The debate surrounding low-cost generic anti- AIDS medications for AIDS-ravaged poor countries became contentious after US officials raised doubts about these combination drugs. The US Department of Health and Human Services, the World Health Organization (WHO), the Joint United Nations Program on HIV/AIDS, and the Southern Africa Development Council recently held a conference in Botswana's capital to discuss the safety, effectiveness, and approval process for fixed-dose combination therapies.
The drugs combine 3 antiretroviral medicines into 1 pill. Produced by generic drug manufacturers, the pills are considerably less costly, compared with single patented equivalents. US officials at the conference dismissed claims that they are protecting big pharmaceutical companies by raising questions about the suitability of widespread use of fixed-dose combination drugs. They argue that they want internationally accepted standards to prevent drug resistance.
"We know from a decade of clinical experience that if you do not maximally suppress the virus, you significantly increase the risk of resistance," said Mark Dybul, MD, deputy chief medical officer for the US Global AIDS Coordinator's office. "That's why we use 3-drug combinations, not 1 or 2." Yet, opponents fear that putting in place another review system could impede attempts to get low-cost drugs to African countries.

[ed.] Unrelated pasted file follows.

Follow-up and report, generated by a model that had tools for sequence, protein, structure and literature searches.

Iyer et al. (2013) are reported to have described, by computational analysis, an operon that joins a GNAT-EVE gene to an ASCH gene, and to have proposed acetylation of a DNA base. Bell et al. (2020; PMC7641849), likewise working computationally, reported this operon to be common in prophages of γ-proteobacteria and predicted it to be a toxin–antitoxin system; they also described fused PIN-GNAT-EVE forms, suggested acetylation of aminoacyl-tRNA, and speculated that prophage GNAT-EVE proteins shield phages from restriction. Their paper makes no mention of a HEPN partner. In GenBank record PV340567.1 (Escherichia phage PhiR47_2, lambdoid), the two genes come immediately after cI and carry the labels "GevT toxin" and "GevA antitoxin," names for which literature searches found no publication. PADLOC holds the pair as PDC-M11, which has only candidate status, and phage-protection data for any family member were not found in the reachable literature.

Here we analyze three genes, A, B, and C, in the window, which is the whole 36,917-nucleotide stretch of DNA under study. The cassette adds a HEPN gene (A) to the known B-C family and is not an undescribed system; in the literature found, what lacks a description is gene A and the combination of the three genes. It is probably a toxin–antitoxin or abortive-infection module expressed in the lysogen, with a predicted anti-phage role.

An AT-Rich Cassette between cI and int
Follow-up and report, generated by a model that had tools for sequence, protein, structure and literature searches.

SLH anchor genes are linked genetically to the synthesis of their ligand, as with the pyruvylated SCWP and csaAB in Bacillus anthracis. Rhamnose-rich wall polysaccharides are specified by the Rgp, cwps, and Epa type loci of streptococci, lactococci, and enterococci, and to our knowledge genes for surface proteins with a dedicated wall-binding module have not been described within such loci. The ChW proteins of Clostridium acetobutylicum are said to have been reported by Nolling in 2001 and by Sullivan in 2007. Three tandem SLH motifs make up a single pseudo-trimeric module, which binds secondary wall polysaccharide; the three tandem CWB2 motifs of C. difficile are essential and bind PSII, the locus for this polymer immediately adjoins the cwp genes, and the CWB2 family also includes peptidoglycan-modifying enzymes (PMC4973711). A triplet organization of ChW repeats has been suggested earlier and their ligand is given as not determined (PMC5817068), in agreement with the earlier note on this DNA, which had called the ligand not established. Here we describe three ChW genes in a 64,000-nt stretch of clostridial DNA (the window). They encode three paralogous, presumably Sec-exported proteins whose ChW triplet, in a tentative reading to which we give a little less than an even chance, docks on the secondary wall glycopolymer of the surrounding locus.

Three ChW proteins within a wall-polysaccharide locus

"There are very clear signals that the US government does not support ? the use of fixeddose combinations" made by generic manufacturers, said Ellen ?t Hoen of the medical aid group M?decins Sans FrontiPres. "We are very worried that these arguments about the safety of medicines? will lead to loss of confidence in the products" that are recommended by WHO," she said.
In 2003, WHO set up guidelines on appropriate therapy for HIV in resource-limited countries. Several combination therapies have been prequalified under these guidelines, including Triomune and Triviro. These generic drugs, manufactured in India, combine in a single pill the recommended treatment of stavudine, lamivudine, and nevirapine.
One study linked multiple pregnancies to an increased risk of developing atrial fibrillation later in life, and another investigated the association between premature delivery and cardiovascular disease.
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